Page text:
It’s fun to be on the cutting edge of marketing using the latest techniques and platforms, but the cutting edge isn’t always where you need to be to make the most impact for your business. If your customers are older than college kids, then Snapchat and Instagram are probably not the best places to market to them, no matter how cool those platforms may be.
Clients often come to me saying, “We need a/to [insert trendy marketing noun or verb] for our next campaign.” However, what these clients are asking for is often not what they really need. When clients come to me with requests that don’t fit their goals, I walk them through an exercise to help them find who they are and what they are really looking for. Here’s how to set marketing goals before you start a campaign.
Rather than jumping into a marketing campaign because it looks cool or “everyone is doing it,” do some research first. Ask yourself three “who” questions: Who are you? Who are your customers? Who are your competitors? …and 3 “how” questions: How do my customers buy from me today? How else could they buy from me? How have I made it easier for them to do so with this campaign? The answers to these questions will serve as the foundation to any marketing initiatives you start.
The 3 Who Questions:
1. Who are you?
What are your products/services? What is the character and culture of your organization? What is your brand DNA?
2. Who are your customers?
Do you have different types of customers? Are your customers segmented and divided into personas? How do your customers consume information and media? Do you know your customers’ preferred communication style?
3. Who are your competitors?
What are your competitors’ services/products? How do they outperform you? How do you differentiate yourself from your competitors?
The 3 How Questions:
1. How do my customers buy from me today?
Online, in store, through distributors or resellers, or all of the above?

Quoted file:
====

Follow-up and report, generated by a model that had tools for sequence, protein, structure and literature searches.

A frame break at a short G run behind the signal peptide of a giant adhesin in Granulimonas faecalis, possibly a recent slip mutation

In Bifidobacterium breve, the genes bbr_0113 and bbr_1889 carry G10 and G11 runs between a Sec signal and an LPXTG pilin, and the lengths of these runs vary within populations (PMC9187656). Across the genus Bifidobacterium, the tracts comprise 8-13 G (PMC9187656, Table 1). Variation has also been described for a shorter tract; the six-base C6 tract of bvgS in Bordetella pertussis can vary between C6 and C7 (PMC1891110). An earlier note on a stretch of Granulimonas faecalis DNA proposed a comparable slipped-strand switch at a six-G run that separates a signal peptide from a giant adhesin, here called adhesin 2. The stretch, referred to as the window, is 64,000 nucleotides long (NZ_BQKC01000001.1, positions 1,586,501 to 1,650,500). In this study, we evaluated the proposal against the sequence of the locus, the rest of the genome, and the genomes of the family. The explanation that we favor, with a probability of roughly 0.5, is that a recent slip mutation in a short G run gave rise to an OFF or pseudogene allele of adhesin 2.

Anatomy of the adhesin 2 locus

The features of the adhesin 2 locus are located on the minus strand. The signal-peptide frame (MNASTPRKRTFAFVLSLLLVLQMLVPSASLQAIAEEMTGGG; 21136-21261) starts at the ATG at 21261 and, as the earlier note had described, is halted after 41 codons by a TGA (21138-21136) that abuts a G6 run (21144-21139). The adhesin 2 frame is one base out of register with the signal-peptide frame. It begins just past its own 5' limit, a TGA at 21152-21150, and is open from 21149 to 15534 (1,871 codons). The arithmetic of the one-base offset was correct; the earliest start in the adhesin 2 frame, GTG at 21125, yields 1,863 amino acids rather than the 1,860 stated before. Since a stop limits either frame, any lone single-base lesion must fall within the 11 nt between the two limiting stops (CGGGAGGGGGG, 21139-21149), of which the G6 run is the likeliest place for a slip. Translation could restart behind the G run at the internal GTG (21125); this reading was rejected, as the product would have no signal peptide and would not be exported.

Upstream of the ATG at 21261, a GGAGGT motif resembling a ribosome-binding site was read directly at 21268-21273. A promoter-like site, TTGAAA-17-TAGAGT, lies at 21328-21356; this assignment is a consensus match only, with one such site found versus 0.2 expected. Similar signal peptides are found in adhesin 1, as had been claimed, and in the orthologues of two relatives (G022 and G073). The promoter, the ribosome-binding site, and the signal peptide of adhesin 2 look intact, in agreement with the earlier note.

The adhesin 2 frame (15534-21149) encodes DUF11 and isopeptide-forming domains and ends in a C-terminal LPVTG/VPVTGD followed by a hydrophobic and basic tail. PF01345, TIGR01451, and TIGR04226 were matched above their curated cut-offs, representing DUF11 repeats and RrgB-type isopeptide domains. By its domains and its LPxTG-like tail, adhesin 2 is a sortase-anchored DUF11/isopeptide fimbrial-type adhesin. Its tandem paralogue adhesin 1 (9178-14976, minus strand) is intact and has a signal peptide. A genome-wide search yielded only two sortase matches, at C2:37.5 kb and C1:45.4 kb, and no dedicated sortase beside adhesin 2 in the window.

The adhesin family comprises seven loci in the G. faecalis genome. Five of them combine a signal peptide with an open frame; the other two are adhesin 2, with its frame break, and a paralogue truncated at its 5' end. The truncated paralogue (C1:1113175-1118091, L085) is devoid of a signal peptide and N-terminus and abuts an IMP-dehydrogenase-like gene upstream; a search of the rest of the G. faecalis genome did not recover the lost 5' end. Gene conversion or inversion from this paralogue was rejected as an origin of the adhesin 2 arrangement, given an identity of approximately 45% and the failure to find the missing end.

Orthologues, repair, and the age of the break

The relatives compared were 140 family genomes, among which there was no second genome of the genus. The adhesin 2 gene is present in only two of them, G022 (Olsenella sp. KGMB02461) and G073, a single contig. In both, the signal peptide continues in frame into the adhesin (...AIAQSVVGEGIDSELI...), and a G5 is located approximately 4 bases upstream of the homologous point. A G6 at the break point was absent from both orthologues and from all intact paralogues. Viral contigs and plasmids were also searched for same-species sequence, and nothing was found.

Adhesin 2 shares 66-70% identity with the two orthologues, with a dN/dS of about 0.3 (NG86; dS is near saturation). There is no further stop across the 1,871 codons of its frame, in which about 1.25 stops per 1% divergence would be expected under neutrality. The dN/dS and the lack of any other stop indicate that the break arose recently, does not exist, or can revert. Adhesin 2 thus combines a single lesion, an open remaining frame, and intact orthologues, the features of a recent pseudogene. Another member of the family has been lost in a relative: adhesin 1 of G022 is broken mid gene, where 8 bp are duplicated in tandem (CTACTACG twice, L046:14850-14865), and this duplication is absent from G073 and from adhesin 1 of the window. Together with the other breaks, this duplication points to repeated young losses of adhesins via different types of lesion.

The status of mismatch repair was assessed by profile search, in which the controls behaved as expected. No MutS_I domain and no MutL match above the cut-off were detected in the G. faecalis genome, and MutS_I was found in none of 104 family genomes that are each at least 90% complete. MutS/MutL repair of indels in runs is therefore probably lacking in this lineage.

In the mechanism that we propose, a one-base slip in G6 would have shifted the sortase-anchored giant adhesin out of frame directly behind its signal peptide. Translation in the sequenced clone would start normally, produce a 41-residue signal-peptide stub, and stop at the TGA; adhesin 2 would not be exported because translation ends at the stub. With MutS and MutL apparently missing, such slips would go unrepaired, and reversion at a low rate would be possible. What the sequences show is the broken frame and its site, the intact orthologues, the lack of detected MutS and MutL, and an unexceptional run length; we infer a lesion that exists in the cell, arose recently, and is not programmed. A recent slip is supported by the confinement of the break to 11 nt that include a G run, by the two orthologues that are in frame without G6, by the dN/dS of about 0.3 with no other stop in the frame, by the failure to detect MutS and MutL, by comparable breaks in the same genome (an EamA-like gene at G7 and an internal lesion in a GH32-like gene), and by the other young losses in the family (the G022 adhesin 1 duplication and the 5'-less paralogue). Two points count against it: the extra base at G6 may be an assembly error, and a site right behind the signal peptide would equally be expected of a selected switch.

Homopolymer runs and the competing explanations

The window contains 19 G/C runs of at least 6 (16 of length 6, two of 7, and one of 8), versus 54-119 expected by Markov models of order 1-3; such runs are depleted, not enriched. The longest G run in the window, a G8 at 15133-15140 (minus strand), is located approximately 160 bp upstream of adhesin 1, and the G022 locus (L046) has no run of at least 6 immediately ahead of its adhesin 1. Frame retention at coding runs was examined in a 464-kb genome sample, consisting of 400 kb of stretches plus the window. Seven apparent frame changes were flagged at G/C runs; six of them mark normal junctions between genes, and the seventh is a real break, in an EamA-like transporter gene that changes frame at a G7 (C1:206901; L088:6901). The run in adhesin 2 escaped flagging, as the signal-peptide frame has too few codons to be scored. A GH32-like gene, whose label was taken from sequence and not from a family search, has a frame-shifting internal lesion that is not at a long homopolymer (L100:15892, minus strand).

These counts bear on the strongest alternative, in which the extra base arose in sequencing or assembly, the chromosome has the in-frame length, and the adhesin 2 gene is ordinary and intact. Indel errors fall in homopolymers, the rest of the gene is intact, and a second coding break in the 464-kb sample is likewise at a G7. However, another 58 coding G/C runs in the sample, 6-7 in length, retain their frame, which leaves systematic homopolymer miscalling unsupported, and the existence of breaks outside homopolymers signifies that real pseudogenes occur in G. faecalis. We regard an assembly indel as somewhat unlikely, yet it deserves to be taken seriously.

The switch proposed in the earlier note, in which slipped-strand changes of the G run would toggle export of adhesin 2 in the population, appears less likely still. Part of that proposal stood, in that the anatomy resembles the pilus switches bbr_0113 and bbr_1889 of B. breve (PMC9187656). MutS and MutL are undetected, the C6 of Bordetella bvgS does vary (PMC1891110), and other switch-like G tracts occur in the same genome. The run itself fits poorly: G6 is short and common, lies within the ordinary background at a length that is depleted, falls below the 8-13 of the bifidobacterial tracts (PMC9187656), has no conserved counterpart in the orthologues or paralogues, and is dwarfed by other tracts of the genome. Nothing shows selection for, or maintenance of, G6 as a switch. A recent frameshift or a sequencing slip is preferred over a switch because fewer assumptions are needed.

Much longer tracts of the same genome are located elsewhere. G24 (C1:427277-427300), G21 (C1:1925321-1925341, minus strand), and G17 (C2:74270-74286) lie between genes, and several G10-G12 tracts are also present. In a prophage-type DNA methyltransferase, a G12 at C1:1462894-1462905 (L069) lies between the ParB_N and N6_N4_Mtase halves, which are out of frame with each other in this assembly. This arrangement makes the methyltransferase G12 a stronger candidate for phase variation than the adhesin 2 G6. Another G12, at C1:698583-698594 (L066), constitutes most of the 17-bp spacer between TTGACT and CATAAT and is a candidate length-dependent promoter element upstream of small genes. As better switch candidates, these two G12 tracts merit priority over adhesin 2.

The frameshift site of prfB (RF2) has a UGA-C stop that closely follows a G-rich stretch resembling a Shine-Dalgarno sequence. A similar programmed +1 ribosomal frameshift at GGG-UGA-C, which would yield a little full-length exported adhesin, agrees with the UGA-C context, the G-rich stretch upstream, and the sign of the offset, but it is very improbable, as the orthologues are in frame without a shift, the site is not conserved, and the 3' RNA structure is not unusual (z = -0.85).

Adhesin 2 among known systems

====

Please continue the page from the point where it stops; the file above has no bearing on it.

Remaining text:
2. How else could they buy from me?
Could there be a “channel,” which you could open up using an existing ecosystem, that could enable incremental sales?
3. How have I made it easier/can I make it easier for them to do so with this campaign?
Let those meeting numbers be part of your success metrics. (A contest could help with that).
The automatic answer is typically “sales,” but sales is a huge area. Break it down into specific actions that can be measured and build the campaign to help facilitate those actions. For example, if face-to-face meetings with current and potential customers boost your sales, then getting more face-to-face meetings should be a goal in your campaign and your campaign materials should entice your customers to seek face-to-face meetings.
- Now that you have a better idea of who you are trying to reach and possible ways to do that, ask yourself what you really want to accomplish with your marketing. What moves the needle for you?
- Defining goals & success metrics
- Look at your current sales channels and see where and how your competitors are—and where they are not. This could also open up new opportunities for you.
If you have other experiences or ideas you think we would all benefit from hearing about, please comment!